Disney is at it again with another fresh milking of the nostalgic cash cow! I really don’t know anything about the original Pete’s Dragon other than Don Bluth did the animation on it, so they won’t be hooking me in with that alone, but then I never had an affinity for Sleeping Beauty and still though Maleficent was one of the best movies of that year. Can this new movie manage to capture the charm and spirit of the original film while also roping in new fans, or is this going to be as uninspired as The Jungle Book? Wait; am I still the only one who didn’t like that? Anyway, let’s find out!!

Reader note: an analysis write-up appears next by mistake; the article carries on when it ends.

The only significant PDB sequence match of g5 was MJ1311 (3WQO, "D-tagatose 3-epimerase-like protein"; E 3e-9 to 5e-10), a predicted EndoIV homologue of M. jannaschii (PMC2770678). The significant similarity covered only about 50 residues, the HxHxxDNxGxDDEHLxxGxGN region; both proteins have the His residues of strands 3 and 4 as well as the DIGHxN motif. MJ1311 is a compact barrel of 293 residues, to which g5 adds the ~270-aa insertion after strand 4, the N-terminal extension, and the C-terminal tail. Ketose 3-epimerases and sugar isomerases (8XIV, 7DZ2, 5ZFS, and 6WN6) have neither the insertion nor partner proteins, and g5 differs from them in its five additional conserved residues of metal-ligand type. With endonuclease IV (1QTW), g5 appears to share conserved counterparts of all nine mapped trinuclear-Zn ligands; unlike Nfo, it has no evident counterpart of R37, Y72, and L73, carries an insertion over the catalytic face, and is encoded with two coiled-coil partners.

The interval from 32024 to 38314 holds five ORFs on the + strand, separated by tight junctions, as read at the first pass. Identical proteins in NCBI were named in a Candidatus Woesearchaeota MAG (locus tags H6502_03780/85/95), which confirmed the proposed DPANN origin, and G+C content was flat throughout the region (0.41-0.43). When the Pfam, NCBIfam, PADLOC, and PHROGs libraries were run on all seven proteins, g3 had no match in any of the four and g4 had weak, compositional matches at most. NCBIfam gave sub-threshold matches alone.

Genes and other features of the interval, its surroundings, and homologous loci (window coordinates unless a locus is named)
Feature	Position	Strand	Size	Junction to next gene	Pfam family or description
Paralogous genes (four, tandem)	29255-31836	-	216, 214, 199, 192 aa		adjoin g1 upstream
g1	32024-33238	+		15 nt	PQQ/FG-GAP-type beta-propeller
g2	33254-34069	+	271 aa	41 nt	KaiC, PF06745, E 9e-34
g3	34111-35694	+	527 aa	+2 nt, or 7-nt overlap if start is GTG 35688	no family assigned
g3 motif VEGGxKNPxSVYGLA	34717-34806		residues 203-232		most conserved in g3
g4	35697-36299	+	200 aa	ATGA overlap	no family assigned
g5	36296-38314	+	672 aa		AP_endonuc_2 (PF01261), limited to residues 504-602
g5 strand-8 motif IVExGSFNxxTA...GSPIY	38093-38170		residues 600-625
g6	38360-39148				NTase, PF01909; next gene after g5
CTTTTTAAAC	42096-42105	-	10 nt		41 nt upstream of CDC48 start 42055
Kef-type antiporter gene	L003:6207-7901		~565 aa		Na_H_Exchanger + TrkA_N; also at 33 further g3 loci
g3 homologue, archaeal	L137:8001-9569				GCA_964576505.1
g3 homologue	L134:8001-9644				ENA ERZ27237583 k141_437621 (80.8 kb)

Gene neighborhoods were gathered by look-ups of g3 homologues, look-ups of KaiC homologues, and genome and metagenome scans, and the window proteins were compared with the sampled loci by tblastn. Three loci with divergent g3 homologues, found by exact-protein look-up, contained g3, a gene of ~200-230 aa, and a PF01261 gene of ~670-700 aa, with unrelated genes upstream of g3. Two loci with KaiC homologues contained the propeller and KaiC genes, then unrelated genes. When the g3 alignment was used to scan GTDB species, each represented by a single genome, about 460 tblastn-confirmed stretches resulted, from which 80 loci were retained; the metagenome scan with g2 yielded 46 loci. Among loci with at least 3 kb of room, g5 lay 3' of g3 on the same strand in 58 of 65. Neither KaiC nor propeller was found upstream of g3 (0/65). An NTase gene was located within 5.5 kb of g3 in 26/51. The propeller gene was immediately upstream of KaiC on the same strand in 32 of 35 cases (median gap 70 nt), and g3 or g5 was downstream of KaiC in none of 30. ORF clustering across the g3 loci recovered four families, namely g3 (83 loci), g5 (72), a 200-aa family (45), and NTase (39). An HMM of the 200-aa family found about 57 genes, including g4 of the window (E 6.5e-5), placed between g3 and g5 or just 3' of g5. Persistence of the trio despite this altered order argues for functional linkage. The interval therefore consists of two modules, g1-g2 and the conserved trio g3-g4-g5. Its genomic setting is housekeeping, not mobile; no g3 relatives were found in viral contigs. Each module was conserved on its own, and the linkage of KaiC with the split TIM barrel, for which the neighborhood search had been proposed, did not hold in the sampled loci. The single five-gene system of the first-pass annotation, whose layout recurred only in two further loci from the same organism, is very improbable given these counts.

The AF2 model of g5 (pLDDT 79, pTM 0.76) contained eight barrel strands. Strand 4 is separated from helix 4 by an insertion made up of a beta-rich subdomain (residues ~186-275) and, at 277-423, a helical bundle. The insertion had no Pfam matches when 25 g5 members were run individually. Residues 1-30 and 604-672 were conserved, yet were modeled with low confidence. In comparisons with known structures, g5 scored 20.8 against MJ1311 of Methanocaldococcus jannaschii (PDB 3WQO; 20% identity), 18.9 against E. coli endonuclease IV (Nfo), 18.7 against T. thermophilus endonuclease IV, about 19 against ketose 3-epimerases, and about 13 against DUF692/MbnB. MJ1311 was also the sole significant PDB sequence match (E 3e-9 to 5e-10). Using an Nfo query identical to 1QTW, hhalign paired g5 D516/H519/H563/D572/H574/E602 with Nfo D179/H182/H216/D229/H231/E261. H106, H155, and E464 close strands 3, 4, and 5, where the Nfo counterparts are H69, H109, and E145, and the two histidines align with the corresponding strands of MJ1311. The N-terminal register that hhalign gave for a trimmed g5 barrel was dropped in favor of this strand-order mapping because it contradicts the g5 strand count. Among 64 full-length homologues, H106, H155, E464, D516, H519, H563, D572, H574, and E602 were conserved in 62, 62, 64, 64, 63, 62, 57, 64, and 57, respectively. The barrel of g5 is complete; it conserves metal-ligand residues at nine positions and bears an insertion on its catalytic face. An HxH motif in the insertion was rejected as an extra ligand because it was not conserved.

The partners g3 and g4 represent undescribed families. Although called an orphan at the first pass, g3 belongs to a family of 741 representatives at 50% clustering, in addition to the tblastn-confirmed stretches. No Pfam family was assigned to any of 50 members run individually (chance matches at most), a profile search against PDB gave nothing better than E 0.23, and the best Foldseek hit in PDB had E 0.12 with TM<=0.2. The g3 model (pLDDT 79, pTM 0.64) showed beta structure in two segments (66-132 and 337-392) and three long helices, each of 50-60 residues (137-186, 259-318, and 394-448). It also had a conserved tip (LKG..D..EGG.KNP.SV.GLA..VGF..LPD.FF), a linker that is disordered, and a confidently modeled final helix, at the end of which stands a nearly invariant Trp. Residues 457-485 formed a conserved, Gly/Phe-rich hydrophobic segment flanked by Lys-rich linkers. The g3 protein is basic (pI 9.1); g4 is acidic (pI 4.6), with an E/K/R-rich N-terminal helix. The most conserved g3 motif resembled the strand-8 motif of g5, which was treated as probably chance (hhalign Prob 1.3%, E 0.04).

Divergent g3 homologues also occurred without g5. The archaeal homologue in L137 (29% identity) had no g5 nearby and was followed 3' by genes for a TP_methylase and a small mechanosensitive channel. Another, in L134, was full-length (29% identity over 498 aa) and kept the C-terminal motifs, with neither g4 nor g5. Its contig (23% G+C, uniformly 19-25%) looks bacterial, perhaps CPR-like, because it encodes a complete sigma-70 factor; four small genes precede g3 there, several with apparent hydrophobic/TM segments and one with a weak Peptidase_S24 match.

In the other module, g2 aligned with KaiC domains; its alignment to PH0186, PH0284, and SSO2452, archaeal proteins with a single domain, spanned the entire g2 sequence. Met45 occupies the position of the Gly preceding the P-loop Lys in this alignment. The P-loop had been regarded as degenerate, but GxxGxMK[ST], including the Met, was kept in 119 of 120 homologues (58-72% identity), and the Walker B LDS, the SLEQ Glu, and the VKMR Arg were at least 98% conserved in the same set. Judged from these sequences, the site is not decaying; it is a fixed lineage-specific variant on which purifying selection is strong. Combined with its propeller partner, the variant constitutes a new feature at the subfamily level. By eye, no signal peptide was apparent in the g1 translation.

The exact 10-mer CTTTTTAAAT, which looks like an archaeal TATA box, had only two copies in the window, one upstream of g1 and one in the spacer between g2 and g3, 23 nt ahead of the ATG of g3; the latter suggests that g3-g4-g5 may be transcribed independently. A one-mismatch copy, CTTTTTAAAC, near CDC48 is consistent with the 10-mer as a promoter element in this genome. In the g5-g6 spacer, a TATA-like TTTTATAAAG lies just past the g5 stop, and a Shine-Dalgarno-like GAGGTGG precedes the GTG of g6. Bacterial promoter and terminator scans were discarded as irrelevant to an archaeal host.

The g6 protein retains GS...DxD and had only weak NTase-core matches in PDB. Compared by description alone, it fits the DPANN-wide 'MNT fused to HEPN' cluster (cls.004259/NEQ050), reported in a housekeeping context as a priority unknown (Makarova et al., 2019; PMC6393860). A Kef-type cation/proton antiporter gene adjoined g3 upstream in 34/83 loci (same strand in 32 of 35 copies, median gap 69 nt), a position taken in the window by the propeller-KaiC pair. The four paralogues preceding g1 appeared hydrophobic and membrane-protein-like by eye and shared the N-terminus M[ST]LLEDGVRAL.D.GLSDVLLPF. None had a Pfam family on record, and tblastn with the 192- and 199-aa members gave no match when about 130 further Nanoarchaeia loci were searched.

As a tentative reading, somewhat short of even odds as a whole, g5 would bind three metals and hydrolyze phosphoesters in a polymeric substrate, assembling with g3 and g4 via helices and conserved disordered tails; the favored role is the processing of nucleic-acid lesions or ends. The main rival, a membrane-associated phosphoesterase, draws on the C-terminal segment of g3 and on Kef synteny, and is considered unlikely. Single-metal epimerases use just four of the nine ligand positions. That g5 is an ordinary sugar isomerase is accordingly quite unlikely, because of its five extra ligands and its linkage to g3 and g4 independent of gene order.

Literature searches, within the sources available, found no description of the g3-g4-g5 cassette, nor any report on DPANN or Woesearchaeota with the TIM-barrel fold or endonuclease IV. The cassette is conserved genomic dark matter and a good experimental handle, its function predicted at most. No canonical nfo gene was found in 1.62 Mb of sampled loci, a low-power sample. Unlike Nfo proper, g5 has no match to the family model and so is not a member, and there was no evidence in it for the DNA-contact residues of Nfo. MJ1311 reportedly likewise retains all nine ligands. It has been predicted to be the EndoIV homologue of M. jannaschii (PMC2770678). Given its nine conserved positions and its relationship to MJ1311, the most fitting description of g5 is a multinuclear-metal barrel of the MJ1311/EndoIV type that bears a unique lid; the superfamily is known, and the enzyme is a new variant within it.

The movie begins with little Pete (Oakes Fegley) having to watch his parents die horribly as their car ends up flipping over on the interstate, though you’d think the airbags or seatbelts could have saved one of them considering it wasn’t a head on collision. Well in any case, little Pete is all alone in the woods (who SHOULD be covered in his parents blood but I guess you can’t go there in a PG movie) and is about to be killed by wolves when something starts to approach from beyond the trees. It turns out that there be dragons in these hills, and he takes little Pete to raise as one of his own. Many years later, Pete is now at the ripe old age of ten and gets discovered in the woods by a… Forest Ranger I think called Grace (Bryce Dallas Howard) who takes him in and tries to get him acclimated to the real world before sending him off to the state. While that’s going on, Gavin (Karl Urban) who works as a lumberjack (he’s either a manager or just an employee that everyone likes) and is certain that he saw something out in those woods and is gonna hunt it because… reasons. Will Pete be reunited with his best friend? Can they keep on going with their living arrangement now that Pete has had a taste of the good life as well as peanut butter? Am I SERIOUSLY going to be the only one who didn’t care for this one, just like with The Jungle Book!?